“Go back to your own country or we will get you deported!” a voice shouted from the stands. There was shouting and screaming everywhere, and I felt dizzy for a moment.
“Stand up for the national anthem or get the hell out of here!” Trying to keep my composure, I kept my head down and closed my eyes. I could feel everyone staring at my team, who were all kneeling in a line as the national anthem played in the background: land of the free and the home of the brave…
It was my first varsity volleyball game of the season. We were playing in an area known to be quite conservative, and I thought I was prepared for the hate when my team decided to kneel during the national anthem before the game. I was sure I had already heard everything. It was always “you don’t belong here” or “go back to your own country”, but this was a totally different level. After taking home a win after the first game, our team was silent the entire bus ride home. Even though it was a victory, it didn’t feel like one. We did not regret out decision to kneel, but there were young girls on the freshman and JV team who were terrified.
The next morning, our phones exploded with rude, racist, and disgusting comments about us. Observers at the game had “reviewed” us on the Google Review page of our school, remarking that we were “a disappointment to the country” and “extremely uneducated and dumb”. At the same time, we had an immense amount of support and kindness towards us as well. Students from our school and even other schools took their time to message me and the girls on team, thanking us for our bravery and courage. Even they understood that our silent protest was very controversial and dangerous, but I still feel like it was necessary.
The very next week, the varsity coaches had quit, leaving the team shocked and hurt. One of the teams we had played made the theme of their home game “America”. I’m guessing this was to harass and intimidate us. Every time we had walked into someone else’s gym, there were Trump supporters wearing their shirts plastered with hurtful words. It was upsetting to realize that a school board consecutively made a decision to allow spectators to belittle 14- to 17-year-old girls at a game and gave them the perfect opportunity to execute whatever they had planned.
If people gave us a chance to explain the reason behind why we kneeled, I would have clarified in the most civil way possible. But because I did not get a chance to, here is my explanation: I am kneeling for Breonna Taylor, Daniel Prude, George Floyd, Rayshard Brooks, Elijah McClain, and all the black people in this country who were killed under police brutality and an unjust law system. I am kneeling for all the people of color in this country who are treated unfairly on a day-to-day basis because of their race, ethnicity, and skin color. I am kneeling not to disrespect those who have laid down their lives for this country but to respect the fact that they did not sacrifice their life for a prejudiced America. True Americans are the people who care about the future of this country…they are people who will not let racial inequality and racism continue in the United States of America.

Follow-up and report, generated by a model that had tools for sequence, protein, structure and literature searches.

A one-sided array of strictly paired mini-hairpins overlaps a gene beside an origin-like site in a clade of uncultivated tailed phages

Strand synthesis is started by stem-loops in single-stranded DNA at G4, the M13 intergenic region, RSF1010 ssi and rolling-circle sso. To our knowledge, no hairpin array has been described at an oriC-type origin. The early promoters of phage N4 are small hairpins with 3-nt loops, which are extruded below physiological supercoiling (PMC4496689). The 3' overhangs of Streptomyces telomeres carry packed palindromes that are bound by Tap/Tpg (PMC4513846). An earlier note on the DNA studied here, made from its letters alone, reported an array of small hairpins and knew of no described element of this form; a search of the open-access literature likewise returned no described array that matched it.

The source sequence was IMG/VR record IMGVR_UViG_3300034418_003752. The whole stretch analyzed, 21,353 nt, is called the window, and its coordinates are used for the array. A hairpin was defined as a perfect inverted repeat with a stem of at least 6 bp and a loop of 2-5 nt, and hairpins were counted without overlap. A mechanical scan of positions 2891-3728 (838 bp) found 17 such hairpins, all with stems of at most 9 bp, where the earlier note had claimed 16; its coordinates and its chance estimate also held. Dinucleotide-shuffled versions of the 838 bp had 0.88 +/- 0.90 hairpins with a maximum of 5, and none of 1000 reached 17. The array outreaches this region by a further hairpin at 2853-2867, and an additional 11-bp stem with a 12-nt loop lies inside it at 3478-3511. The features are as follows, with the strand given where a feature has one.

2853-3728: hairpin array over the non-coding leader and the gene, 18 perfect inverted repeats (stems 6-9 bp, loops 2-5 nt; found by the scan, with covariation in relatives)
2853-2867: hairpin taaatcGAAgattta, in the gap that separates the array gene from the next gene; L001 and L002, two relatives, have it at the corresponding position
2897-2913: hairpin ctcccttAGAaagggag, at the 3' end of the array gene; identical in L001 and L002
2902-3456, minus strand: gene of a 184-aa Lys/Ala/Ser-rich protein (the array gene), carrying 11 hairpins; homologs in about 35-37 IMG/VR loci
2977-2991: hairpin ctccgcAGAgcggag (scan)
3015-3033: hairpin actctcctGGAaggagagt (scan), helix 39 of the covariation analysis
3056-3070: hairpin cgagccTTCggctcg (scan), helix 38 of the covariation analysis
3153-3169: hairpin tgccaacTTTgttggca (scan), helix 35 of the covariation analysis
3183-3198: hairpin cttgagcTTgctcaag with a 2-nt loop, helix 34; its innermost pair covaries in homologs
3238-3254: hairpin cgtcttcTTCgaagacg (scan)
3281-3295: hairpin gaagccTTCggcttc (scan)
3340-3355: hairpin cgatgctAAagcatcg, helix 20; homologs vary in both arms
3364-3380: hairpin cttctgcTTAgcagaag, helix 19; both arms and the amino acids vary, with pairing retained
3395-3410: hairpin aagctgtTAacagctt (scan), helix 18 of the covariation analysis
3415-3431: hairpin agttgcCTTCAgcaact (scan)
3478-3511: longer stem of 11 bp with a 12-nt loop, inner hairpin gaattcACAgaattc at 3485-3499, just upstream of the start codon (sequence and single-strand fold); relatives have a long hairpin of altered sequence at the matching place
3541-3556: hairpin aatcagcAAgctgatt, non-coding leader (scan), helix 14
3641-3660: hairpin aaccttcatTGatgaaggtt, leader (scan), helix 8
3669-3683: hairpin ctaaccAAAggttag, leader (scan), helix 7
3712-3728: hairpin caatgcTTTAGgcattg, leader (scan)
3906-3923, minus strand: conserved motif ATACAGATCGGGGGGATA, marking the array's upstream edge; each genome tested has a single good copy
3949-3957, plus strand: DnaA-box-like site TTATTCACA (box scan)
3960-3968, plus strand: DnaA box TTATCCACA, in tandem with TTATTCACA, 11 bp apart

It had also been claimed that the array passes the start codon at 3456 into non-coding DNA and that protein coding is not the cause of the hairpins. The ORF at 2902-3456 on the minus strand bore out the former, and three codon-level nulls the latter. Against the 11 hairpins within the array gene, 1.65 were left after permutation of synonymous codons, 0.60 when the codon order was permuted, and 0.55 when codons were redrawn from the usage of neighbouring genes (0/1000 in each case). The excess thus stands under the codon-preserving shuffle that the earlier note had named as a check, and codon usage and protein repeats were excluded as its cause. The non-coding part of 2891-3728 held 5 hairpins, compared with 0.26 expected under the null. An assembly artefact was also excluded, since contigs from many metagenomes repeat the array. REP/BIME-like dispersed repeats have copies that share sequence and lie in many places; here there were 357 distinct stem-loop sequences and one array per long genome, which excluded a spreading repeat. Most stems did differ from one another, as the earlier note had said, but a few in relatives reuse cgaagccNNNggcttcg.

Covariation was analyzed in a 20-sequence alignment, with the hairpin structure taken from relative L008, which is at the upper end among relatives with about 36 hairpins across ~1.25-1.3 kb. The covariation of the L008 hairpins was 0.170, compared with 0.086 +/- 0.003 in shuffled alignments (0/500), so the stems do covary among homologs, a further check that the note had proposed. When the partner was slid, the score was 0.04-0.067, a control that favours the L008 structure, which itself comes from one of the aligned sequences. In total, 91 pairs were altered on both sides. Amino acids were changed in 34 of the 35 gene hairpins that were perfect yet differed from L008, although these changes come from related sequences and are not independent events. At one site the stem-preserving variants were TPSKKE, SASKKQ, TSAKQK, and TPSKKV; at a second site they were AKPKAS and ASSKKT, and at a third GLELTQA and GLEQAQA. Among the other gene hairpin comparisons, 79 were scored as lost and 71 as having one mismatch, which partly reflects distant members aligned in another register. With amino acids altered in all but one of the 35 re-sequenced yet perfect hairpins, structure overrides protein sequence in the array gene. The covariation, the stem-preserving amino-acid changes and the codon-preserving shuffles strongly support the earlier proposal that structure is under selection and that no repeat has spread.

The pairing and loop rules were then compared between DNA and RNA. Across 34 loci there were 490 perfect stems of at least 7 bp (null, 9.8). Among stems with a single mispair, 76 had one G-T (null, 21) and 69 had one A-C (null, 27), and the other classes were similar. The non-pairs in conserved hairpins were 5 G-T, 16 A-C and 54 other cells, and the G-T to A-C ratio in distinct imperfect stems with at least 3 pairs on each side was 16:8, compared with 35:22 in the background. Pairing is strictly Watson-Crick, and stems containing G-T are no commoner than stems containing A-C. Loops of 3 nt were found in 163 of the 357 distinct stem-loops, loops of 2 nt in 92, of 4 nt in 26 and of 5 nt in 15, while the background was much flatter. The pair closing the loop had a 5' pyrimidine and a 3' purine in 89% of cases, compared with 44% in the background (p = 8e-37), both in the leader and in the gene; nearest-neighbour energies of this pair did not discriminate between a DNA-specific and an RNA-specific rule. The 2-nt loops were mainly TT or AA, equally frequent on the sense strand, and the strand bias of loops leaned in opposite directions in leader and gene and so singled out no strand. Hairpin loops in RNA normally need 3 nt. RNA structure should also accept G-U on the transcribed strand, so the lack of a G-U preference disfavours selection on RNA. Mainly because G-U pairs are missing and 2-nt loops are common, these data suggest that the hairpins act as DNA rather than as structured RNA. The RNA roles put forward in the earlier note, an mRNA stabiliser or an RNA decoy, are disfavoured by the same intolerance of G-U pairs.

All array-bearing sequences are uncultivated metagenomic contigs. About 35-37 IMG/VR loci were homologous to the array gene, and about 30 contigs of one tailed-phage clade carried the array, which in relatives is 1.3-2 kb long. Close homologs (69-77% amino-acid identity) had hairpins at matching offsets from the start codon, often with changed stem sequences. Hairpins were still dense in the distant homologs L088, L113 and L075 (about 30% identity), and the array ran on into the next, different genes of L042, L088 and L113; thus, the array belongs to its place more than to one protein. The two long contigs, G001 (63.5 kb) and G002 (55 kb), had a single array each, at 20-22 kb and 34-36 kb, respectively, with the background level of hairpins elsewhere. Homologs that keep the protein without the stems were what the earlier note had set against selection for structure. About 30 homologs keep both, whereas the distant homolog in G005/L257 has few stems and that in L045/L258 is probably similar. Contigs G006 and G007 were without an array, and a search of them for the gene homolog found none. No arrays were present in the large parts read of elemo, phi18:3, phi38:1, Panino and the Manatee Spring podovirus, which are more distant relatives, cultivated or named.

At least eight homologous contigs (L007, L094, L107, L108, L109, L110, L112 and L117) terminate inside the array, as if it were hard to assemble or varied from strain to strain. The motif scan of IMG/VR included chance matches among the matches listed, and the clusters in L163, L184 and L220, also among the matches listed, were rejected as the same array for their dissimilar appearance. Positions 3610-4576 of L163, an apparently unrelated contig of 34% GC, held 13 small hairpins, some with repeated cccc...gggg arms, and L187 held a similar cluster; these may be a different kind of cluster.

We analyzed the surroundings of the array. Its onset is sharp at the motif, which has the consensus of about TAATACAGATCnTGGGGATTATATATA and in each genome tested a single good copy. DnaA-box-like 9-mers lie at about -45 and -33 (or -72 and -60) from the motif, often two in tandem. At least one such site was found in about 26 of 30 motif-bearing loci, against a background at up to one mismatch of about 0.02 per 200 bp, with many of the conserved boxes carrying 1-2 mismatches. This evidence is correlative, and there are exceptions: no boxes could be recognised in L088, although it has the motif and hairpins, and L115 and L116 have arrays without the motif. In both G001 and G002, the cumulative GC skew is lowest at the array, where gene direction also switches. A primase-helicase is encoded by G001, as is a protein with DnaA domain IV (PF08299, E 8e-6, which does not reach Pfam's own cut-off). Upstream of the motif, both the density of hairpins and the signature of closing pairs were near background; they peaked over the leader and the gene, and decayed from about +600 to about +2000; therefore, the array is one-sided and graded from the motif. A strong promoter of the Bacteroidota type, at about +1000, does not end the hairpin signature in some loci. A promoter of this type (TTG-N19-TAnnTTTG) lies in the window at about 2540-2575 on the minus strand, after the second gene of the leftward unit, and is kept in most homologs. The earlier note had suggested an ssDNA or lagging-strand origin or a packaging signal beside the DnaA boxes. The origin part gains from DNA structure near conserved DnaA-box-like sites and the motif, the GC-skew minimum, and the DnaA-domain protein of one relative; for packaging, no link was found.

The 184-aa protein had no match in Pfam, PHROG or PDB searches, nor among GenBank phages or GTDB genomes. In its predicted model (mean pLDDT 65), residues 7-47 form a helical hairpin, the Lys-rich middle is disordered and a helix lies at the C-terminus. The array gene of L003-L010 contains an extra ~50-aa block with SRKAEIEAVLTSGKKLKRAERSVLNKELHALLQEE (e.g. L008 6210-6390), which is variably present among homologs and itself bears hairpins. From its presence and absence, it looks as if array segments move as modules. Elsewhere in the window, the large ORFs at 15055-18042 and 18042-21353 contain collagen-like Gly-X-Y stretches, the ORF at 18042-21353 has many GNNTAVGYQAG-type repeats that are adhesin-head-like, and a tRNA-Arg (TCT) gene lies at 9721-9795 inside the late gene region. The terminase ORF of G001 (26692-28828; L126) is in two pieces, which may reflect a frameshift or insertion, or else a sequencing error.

Our silent protest should make a statement to those who do not understand: we respect our country so much that we are fighting to make the phrase “land of the free and home of the brave” reality. We will not stand until that statement is true. When will real people stop becoming hashtags? When will our neighbors decide to sit down and listen to the other side of the conversation? Even though I am an Asian, I will never ever understand the inequality and injustice that black people face every single day. So as someone who will never experience nor understand, it is my duty to do everything I can to educate myself. Over these past couple months, I have learned so much about culture, respect, and kindness than I have learned in my entire lifetime.
I have read books, watched videos, and initiated conversations about race. This entire experience left me feeling empowered and desperate for change in this country. I truly believe that our country can make progress regarding racial equality and justice, but it takes both sides to compromise to make that advance. We have to learn to love one another and be willing to listen to those who have suffered from these events and experiences. This year has been a turmoil for all of us, but we have the ability to make it slightly easier for our neighbors by just listening. In the words of Malcolm X, “You can’t separate peace from freedom because no one can be at peace unless he has his freedom.”
ZiQing Kuang is a high school sophomore from Chandler, Arizona. She has worked with multiple magazines, including Girls’ Life Magazine. During her free time, ZiQing enjoys playing volleyball, reading, and watching her favorite shows on Netflix.